For a brief explanation of what might be the reason for improvement of mood with exercise, there are a number of possibilities. One might be the social support – particularly of people who run or exercise together in groups. There is an increased self efficacy, or a sense of mastery, as well as changes in self-concept that may be responsible for the therapeutic efficacy of exercise. In addition, neuroendocrine changes may also be the reason. Some of these include increased central norepinephrine neurotransmission, changes in the HPA axis with exercise, as well as increased serotonin synthesis and metabolism. Most of us think about serotonin as it relates to mood only, but serotonin is responsible in part for our axial posture. Indeed, simply the firing of motor neurons (particularly in a repetitive manner) such as walking, running, or swimming, results in increased release and synthesis of serotonin in the brain. The effect of sustained exercise is also known to contribute to the production of b-endorphins.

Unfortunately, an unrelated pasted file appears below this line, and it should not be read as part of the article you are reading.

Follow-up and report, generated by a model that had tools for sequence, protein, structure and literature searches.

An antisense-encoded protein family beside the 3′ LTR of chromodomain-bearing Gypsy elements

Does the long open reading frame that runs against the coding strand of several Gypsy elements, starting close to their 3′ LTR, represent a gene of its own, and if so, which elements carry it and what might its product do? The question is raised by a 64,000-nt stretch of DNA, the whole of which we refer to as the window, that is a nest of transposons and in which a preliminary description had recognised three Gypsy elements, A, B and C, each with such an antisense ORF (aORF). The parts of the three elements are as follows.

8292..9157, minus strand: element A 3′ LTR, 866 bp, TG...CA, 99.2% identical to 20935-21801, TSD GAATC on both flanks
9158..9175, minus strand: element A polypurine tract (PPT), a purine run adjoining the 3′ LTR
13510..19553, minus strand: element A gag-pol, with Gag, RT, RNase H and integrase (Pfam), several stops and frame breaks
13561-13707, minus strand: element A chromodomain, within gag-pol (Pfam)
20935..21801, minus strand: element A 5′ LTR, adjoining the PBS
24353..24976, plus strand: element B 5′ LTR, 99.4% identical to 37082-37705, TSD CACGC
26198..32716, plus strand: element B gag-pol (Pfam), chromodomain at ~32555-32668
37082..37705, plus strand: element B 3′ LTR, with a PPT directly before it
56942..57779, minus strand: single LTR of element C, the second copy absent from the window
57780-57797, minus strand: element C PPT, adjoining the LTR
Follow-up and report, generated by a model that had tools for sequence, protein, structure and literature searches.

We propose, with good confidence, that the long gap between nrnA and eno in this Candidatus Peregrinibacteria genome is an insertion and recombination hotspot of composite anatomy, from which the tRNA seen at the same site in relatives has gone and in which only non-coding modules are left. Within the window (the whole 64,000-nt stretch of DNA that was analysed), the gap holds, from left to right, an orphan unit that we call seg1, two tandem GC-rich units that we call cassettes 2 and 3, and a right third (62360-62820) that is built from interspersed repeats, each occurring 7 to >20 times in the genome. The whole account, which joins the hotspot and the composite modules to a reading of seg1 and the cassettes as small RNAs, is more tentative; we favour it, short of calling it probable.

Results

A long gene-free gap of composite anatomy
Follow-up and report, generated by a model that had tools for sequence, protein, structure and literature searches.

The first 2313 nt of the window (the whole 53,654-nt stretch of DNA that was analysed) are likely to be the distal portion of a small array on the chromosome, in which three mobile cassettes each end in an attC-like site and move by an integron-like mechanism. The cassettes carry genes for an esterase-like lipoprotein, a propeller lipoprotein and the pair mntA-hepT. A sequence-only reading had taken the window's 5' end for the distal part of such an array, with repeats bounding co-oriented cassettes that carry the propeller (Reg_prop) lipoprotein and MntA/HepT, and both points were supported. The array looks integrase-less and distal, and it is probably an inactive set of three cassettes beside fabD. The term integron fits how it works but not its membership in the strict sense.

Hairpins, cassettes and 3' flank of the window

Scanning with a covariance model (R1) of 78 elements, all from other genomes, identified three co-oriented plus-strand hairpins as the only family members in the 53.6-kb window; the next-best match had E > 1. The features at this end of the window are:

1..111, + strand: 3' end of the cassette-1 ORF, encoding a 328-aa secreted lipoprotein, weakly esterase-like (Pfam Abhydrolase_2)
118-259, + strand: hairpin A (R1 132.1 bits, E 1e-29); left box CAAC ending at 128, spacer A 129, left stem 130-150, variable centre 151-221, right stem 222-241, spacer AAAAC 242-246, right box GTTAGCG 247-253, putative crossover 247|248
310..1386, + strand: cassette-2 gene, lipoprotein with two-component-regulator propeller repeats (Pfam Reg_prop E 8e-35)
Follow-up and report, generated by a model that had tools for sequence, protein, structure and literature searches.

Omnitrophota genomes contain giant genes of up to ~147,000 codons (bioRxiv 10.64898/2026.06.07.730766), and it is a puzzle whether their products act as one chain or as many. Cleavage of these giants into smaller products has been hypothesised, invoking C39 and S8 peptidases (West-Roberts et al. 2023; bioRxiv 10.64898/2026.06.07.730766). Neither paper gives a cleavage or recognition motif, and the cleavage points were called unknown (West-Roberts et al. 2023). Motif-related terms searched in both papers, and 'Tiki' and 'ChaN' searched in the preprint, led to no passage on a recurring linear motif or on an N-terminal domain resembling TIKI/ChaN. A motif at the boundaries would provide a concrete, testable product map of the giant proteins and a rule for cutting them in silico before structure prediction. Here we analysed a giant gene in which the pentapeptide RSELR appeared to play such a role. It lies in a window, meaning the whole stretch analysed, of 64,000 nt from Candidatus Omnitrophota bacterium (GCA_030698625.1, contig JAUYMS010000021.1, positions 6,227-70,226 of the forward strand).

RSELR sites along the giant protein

Diet is the last aspect of this summary of adjuncts and alternatives to standard antidepressants that will be explored. Since L-tryptophan is an essential amino acid, it would stand to reason that a diet high in tryptophan might protect against depression or aid in the treatment of depression or anxiety. Well, there actually has been a study looking at this and there is indeed a negative association between dietary tryptophan and suicide rates. As nice as it might be to open a roadside stand that sells turkey and banana sandwiches with a glass of milk on the side in an effort to raise tryptophan levels and keep the world from going over the edge, unfortunately it looks like that purified tryptophan increases brain serotonin, but foods containing tryptophan do not30. However, α-Lactalbumin, a minor constituent of milk, is one protein that contains relatively more tryptophan than most proteins. Acute ingestion of α-lactalbumin by humans has been shown to improve mood and cognition, at least in some circumstances, presumably owing to increased serotonin.